Do you find yourself shy and uncomfortable sometimes even around immediate family members? I know I used to.
This past Easter, my immediate family got together for dinner (well, I include aunts & uncles as immediate, but I’m from Southern Louisiana, so maybe we’re different). We all had a great time and had plenty to talk about.
Funny because it’s so different from the way things used to be. In this post, I’ll share what I did so you can use the same techniques to feel more confident talking with your family too.
How things used to be at family get-togethers
In the past, family gatherings were torturous for me. But it wasn’t because of political debates or lifestyle disapproval. That might have been better, because at least that would have been something real.
No, I was stuck in a state of nothingness where I had zip to say. Mostly though, it was because I didn’t know about my family member’s lives and they didn’t know much about me. (I didn’t know much about myself either, but that’s an entirely different story…)
I just didn’t know anything to start talking about. But more sinister than that, I didn’t feel like trying.
So, what were my family conversations like this Easter?
Well, things are different now because of the points I’ll mention below.
- I talked with an uncle about the new concrete slab he had poured. I remembered he had been working on it for a while, so I asked his plans for it. It was going to be a new two-car garage.
- To an Aunt, I asked about her recent trip to Universal Studios in Florida. How was it? Did the kids like it as much as Disney World? Answer? It was interesting but the kids missed Mickey Mouse.
- My mom and I talked about her plans to switch careers.
- I asked my grandfather if he was still practicing his steel guitar and how that was going.
In all cases, I also told them about what I’d been up to lately: Working a lot on my internet business. Things my girlfriend and I had done with friends lately. Plans for the future…
Family time is great for catch up
See a pattern here? It was about discussing what’s going on in our lives. That was 80% of the conversation content. That’s something you can easily do.
You might be thinking you don’t know what’s going on in your family member’s lives. Well stick with me. I’ll get to that in a bit.
Besides the things mentioned above, each conversation took on a life of its own afterward and branched off into other topics. The magic was in starting the conversation.
Also, talking later in the day was easy because we had already broken the ice and just brought up topics from earlier.
We also talked about what was currently happening: The younger kids opening Easter presents or the irony of us deep frying everything we were eating including “healthy” cucumbers and cauliflower (that’s Louisiana for you).
5 solid tips to make your next family visit a breeze
- Know what’s going on in family member’s lives. You don’t have to know every detail of what they’ve been up to lately. But major things should be on your radar like my Aunt’s vacation or my Mom’s career decision. If you don’t know anything, call a closer family member and ask about the fam. That way you’ll have ammunition at the next family gathering.
- Bring up things they’ll be passionate about. With my grandfather, I know he loves playing his steel guitar. That was a sure-bet conversation starter with him. With one of my uncles, I asked about his kids. Most parents are pretty passionate about their children, so this is a good topic.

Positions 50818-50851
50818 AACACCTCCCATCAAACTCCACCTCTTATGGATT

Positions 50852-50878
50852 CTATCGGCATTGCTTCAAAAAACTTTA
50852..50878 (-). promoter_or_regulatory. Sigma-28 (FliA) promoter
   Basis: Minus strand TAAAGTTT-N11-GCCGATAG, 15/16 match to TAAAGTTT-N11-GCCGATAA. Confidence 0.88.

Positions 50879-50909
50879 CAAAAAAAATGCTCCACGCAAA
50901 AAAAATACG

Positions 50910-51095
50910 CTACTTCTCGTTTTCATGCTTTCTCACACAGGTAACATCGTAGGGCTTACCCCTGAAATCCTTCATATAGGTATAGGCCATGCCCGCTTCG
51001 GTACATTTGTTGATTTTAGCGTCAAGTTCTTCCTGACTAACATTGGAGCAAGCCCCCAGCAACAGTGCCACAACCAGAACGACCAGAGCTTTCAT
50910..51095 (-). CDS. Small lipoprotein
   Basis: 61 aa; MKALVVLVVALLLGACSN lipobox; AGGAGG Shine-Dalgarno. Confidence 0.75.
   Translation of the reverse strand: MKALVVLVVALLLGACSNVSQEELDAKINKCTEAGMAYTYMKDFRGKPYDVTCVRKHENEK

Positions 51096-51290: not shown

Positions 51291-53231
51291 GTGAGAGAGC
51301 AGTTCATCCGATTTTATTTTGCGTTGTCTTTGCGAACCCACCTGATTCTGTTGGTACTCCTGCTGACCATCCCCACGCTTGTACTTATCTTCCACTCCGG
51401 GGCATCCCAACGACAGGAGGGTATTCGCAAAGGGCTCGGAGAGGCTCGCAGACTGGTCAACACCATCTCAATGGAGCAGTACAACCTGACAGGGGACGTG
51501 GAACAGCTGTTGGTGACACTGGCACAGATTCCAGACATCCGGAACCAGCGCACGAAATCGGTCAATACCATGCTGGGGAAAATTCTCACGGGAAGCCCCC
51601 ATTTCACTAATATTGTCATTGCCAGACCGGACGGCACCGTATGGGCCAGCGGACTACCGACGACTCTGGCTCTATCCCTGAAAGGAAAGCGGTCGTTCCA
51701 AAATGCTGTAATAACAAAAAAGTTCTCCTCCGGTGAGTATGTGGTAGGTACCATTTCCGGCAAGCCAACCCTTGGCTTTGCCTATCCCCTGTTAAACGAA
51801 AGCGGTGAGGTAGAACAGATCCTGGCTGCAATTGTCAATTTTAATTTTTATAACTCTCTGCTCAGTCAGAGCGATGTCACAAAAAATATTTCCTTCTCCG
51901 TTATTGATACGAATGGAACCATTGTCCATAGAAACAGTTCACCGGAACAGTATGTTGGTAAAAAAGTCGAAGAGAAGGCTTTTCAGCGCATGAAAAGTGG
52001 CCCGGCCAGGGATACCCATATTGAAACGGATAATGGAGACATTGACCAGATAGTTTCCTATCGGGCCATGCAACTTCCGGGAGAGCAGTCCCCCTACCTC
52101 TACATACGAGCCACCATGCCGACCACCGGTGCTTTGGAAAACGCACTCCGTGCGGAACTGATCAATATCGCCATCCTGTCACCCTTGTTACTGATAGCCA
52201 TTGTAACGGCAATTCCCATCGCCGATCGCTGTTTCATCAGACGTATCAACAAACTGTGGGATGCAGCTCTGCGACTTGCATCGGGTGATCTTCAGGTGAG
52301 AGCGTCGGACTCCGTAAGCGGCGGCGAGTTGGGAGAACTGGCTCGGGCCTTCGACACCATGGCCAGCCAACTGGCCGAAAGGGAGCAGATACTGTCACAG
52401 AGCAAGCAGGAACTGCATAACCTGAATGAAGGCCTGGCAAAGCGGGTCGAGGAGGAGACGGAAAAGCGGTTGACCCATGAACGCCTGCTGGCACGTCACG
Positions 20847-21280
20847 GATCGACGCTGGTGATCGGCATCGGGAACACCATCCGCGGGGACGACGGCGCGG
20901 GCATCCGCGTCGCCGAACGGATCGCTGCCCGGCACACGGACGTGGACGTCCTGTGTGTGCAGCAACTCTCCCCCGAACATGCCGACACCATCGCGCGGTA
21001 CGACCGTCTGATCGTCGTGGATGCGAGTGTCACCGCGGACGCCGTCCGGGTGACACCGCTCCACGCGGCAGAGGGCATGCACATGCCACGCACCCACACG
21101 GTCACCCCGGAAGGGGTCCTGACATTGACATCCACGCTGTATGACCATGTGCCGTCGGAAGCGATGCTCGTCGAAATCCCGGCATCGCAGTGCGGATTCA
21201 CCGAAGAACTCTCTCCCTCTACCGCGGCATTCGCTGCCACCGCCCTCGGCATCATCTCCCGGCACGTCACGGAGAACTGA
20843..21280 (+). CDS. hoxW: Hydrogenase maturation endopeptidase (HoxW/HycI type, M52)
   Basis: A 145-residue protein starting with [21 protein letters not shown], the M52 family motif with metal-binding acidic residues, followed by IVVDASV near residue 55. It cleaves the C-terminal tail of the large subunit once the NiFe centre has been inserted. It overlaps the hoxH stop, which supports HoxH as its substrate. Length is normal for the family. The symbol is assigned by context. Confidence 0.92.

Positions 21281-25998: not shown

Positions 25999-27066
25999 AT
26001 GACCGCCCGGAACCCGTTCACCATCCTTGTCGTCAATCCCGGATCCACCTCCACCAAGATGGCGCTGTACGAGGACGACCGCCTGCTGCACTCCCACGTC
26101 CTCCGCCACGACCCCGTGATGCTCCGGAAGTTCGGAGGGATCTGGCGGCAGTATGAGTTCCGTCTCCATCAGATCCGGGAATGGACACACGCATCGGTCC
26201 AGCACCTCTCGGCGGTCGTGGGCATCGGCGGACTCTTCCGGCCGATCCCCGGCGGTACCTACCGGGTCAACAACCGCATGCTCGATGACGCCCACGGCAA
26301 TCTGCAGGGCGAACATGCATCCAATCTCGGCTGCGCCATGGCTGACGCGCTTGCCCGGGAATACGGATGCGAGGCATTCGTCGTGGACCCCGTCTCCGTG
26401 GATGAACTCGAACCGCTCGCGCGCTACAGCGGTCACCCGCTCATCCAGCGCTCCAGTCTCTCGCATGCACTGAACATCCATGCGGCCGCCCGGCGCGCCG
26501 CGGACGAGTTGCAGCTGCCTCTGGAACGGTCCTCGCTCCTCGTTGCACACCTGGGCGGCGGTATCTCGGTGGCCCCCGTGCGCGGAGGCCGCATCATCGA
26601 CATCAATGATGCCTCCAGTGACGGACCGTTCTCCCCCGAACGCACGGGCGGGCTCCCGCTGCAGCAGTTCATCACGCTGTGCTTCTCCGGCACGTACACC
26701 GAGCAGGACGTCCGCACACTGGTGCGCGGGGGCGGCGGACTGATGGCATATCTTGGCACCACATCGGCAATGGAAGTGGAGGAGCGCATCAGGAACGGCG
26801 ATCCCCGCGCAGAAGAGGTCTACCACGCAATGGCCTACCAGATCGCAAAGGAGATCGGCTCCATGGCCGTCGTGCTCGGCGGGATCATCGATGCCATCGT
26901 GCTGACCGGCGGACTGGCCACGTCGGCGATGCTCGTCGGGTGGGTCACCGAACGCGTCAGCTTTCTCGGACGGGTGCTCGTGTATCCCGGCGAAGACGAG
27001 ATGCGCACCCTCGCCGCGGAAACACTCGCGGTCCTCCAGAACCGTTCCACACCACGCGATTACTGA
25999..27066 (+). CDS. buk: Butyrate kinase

- Share what’s going on in your life. They are your family and they’d probably like to know. After all, if you listen to what they’ve been up to, it’s only fair to expect them to do the same. Besides, getting to know things about each other is how people grow closer.
- Add some emotion. Besides just the facts of what’s going on in our lives, it’s important to get to feelings and opinions too. I asked my Aunt how she and the kids liked Universal Studios compared to Disney. I shared my hopes and passion for my internet business. Sharing facts about your life is great but sharing your feelings about what’s going on is golden for connecting with others.
- Care. This is a big one. Probably one of the biggest obstacles that kept me from connecting with my family and easily talking was I didn’t have a strong desire to do so. Of course I cared about my family and wanted the best for them. But I was in such a selfish place, my social motivation focused on gain.
I felt there was nothing I could gain by talking to family. It wasn’t like I was talking to a cute girl who I could date or a potential new friend who would make me feel better about myself (which is the wrong reason to make friends BTW…). My family was there and would always be, so what more did I have to gain by talking to them?
Obviously this is the wrong way to think, but unfortunately many people approach conversations like this. If you look at the world and conversations based solely on what’s in it for you, then talking with others becomes stilted.
However, if you start caring about others and genuinely wanting to brighten their day, or truly enjoy the process of talking, then conversation begins to flow.
An added benefit to family conversations
As a final thought, you should look at your family as “safe-ground” to practice conversation skills. I don’t know your situation, but if you feel slightly more comfortable talking with family than a total stranger, use that to your advantage.
Try the new conversation techniques you learn on them. Practice is still practice and when you do get into uncomfortable social situations, you’ll have a better foundation of skills to get you through.
At your next family event, think fun, think caring, think practice. Find out what they’re up to.
Try using the suggestions above and let me know how things go. Post your comments below.